By Kathleen Wiley, RN, MSN, AOCNS®, and Barbara Lubejko, RN, MS

Last reviewed: July 24, 2020

When the COVID-19 novel coronavirus pandemic hit the United States, in a matter of days clinicians were scrambling to find novel ways to screen, triage, and provide telehealth interventions to protect patients with chronic conditions who are especially vulnerable to COVID-19. As nurses, we are accustomed to helping patients in crisis acclimate to a changing environment, process large amounts of information, and have their psychosocial needs met.

The COVID-19 pandemic presents new challenges that nurses may not feel prepared or equipped to help their patients navigate. During tenuous and uncertain times, nurses must consider their patients’ psychosocial and mental health and get back to what makes us so trusted among patients and caregivers: therapeutic communication and comprehensive psychosocial considerations.

Communication to Ease Concerns and Anxiety

To help keep patients with cancer as safe as possible, clinicians are making the difficult decision to delay noncritical scheduled treatments to limit potential COVID-19 exposure and to prevent flooding the healthcare system. Understandably, patients with cancer become unsettled when procedures or treatments are delayed, but in some instances, it is the absolute right decision.

  • Reinforce with patients the continuing need to decrease their risk of exposure to COVID-19.
  • Help patients and caregivers understand that treatment decisions always call for carefully measuring risks and benefits associated with care. Explain that treatment delays during the COVID-19 pandemic are no different than treatment delays because of side effects and toxicities. For now, it may be in their best interest to avoid healthcare centers and possible further immunosuppression.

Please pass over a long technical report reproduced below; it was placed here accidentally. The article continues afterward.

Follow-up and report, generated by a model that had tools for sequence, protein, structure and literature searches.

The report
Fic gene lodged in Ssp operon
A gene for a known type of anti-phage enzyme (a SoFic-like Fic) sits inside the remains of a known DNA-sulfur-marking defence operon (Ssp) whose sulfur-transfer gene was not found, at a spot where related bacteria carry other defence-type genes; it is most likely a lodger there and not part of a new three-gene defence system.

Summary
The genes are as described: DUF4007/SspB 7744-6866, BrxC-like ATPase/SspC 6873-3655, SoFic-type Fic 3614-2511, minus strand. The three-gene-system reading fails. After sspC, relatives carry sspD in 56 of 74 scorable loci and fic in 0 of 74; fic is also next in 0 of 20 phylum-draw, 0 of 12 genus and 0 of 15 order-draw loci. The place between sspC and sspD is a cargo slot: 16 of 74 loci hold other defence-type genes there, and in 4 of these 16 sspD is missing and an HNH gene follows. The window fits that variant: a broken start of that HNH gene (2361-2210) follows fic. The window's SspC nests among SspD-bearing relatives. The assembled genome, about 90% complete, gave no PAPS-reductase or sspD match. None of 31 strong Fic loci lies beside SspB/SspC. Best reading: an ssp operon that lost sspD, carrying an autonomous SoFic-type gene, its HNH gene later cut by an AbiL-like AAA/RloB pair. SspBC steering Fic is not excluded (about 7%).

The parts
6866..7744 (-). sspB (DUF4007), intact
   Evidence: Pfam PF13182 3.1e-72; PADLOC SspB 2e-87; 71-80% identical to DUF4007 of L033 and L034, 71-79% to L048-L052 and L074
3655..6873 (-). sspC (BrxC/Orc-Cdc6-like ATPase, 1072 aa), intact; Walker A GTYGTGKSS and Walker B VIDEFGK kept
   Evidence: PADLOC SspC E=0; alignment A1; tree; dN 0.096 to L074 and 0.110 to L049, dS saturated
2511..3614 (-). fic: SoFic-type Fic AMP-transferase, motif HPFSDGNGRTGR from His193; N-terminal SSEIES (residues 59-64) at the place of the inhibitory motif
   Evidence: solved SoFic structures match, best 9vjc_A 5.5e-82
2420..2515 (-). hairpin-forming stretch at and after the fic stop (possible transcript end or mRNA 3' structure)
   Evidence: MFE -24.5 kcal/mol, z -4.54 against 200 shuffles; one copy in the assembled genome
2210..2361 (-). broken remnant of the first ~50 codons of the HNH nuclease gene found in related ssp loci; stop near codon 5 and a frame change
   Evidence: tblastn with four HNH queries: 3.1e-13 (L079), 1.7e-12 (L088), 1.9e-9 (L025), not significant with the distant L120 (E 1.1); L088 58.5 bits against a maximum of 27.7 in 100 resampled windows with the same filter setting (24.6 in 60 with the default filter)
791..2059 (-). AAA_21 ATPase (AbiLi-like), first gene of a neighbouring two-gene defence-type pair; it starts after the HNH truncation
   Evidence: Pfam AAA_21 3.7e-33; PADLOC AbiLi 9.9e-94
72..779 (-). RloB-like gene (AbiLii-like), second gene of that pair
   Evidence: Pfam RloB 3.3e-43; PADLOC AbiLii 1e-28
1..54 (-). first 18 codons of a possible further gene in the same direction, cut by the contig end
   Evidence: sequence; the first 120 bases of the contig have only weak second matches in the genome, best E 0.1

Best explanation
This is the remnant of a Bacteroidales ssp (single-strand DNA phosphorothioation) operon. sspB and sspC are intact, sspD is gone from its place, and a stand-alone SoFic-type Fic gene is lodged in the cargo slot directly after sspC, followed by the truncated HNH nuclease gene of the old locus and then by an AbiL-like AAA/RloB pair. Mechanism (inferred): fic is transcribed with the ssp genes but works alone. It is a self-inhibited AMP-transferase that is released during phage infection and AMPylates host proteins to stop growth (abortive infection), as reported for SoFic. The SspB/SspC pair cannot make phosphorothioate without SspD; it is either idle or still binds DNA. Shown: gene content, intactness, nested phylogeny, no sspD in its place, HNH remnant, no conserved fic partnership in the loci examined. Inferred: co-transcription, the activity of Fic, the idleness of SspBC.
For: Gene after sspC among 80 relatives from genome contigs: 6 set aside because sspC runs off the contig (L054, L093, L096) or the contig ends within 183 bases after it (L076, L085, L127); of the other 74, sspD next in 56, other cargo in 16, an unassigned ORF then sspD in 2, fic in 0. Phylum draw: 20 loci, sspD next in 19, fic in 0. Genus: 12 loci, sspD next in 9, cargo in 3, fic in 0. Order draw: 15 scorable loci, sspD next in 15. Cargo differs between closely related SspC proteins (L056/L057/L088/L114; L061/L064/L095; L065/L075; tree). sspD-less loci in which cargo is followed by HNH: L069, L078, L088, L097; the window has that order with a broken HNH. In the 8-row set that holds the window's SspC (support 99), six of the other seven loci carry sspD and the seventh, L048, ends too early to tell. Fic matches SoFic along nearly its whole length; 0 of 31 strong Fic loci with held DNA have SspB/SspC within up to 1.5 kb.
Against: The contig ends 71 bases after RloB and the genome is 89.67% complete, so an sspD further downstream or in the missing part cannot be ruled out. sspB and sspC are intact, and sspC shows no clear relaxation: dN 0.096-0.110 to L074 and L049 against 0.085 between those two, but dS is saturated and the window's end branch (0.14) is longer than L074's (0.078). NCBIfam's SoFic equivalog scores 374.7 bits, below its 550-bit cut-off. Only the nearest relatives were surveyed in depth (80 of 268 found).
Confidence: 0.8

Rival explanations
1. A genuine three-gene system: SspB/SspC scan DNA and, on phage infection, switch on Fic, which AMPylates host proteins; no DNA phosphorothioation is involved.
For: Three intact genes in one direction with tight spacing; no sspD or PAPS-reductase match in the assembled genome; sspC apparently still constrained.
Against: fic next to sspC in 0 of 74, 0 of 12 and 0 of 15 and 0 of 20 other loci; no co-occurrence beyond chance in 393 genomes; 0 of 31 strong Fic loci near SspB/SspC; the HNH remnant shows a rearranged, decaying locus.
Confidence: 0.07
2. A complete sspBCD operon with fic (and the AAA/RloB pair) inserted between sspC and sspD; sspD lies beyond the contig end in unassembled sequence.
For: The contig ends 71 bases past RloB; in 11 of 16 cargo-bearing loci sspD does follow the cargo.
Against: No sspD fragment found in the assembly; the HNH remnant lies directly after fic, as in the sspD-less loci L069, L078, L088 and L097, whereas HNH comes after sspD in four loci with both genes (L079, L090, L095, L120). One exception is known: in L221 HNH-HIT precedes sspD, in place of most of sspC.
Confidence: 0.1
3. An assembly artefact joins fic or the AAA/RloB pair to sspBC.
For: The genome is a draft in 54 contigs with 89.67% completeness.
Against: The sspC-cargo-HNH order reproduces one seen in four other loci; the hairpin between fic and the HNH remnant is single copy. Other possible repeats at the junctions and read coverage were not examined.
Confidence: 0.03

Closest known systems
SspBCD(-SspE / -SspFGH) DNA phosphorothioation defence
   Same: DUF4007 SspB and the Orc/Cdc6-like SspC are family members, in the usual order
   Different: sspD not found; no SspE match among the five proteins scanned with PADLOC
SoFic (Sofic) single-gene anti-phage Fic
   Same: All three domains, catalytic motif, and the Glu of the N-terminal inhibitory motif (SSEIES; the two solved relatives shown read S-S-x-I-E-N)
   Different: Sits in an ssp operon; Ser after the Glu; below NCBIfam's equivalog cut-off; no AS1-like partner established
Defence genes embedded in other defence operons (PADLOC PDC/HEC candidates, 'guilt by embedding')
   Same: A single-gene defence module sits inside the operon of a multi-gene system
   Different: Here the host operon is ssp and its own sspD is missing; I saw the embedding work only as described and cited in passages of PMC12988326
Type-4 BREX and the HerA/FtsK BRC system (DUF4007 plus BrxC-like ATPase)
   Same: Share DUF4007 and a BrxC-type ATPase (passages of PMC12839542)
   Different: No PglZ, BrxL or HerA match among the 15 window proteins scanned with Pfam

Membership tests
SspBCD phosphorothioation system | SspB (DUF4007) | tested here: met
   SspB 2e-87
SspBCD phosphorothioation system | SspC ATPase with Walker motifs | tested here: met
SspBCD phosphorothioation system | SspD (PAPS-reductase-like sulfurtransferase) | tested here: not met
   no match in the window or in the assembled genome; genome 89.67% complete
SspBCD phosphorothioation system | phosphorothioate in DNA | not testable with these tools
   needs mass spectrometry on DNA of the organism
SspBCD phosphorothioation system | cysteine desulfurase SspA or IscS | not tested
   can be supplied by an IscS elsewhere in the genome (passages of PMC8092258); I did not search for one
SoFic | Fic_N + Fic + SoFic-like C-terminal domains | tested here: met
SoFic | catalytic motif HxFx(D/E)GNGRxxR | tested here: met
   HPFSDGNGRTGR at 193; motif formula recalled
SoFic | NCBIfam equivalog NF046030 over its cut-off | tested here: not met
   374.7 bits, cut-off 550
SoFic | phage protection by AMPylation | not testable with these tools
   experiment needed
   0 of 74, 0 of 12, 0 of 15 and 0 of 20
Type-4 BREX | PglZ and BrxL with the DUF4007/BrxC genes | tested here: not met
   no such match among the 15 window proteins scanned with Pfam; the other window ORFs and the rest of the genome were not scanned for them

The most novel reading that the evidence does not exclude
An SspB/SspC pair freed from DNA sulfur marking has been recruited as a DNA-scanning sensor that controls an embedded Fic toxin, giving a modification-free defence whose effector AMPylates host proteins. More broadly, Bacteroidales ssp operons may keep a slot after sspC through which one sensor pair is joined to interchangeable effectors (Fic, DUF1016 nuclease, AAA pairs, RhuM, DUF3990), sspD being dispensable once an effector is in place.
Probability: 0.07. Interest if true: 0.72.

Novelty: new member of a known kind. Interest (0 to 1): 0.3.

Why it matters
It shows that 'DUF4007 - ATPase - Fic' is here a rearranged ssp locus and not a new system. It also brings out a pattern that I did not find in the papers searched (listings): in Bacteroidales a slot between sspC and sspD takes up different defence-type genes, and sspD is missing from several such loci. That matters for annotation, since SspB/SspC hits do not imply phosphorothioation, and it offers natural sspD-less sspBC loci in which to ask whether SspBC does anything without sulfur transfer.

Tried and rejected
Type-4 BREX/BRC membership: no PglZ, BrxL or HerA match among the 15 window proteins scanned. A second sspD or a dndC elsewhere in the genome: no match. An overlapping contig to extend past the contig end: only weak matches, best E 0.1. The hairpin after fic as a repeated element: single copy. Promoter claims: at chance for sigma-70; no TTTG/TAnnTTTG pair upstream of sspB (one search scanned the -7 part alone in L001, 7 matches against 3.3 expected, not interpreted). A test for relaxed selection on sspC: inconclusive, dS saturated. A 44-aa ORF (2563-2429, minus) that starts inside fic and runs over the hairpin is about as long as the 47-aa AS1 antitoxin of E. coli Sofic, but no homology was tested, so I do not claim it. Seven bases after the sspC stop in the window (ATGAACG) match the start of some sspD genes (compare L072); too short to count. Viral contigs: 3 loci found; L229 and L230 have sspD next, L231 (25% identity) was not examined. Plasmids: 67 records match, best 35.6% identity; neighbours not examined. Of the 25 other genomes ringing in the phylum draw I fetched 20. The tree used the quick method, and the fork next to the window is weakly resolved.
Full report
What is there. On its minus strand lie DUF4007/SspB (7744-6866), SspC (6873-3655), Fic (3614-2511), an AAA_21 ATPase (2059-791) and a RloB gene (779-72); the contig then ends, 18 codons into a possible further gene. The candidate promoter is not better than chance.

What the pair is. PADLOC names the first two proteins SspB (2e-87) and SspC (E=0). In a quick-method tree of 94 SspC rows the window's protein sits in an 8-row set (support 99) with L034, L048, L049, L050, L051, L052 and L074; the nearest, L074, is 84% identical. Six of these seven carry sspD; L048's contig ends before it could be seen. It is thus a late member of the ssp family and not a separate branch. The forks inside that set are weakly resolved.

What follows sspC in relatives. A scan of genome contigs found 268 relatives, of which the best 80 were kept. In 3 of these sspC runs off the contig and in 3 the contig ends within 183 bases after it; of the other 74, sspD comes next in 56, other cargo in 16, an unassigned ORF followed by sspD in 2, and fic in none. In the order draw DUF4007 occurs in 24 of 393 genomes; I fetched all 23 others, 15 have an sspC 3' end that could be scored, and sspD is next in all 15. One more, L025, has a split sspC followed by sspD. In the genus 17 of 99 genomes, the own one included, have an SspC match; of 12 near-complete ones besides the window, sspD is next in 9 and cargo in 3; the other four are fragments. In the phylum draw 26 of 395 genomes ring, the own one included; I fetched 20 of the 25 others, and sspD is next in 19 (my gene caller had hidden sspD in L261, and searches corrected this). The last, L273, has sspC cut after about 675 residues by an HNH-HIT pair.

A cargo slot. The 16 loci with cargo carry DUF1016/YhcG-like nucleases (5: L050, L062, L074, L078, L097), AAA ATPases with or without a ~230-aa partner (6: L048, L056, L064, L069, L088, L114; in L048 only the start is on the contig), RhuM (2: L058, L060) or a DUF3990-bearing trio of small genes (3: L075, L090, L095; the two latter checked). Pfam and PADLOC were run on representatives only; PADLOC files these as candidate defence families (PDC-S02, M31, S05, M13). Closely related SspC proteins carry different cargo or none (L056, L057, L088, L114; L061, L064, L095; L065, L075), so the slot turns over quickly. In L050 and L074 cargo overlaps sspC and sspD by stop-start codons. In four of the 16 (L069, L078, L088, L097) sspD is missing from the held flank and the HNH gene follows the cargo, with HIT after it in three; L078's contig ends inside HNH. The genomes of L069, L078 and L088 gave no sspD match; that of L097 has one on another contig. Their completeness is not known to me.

Reassure patients that they will be treated and seen on a case-by-case basis. Early symptoms of COVID-19 can be subtle, often mimicking those of common complications associated with cancer and its treatment. Nurses must stay in close communication with cancer care providers and adopt workflows based on a patient’s cancer diagnosis, current cancer treatment (including immunosuppressive drugs), and symptoms.

Psychosocial Strategies and Self Care

Amid the complexity of triaging patients with cancer during COVID-19, nurses must consider the mental and spiritual wellness of patients whose lives are upended right now. Helping patients and caregivers manage fear and uncertainty is where nurses shine.

  • Review effective coping strategies. Patients may want to engage in mindful meditation, tai chi, or yoga practice from the comfort—and safety—of their own home.
  • Encourage virtual support groups or clergy visits. The Cancer Support Community provides resources for online support.
  • Remind patients that it’s ok to take a break. Constant engagement with social media and the news is overwhelming and may increase anxiety. Suggest that they disconnect and read a book or journal.
  • Encourage patients to stay in touch virtually with their family and friends to prevent the negative effects of social isolation, and tell caregivers to check in with patients, especially older adults.
  • Recommend taking walks outside and other forms of exercise that incorporate social distancing.

Remember: you are not alone; we are all in this together. ONS is your resource for professional support and guidance. Get ideas for psychosocial care on the Oncology Nursing Podcast and learn more about COVID-19 on the ONS resource page. Finally, ask questions and discuss solutions with other nurses on the ONS COVID-19 Community so we can all figure this out together.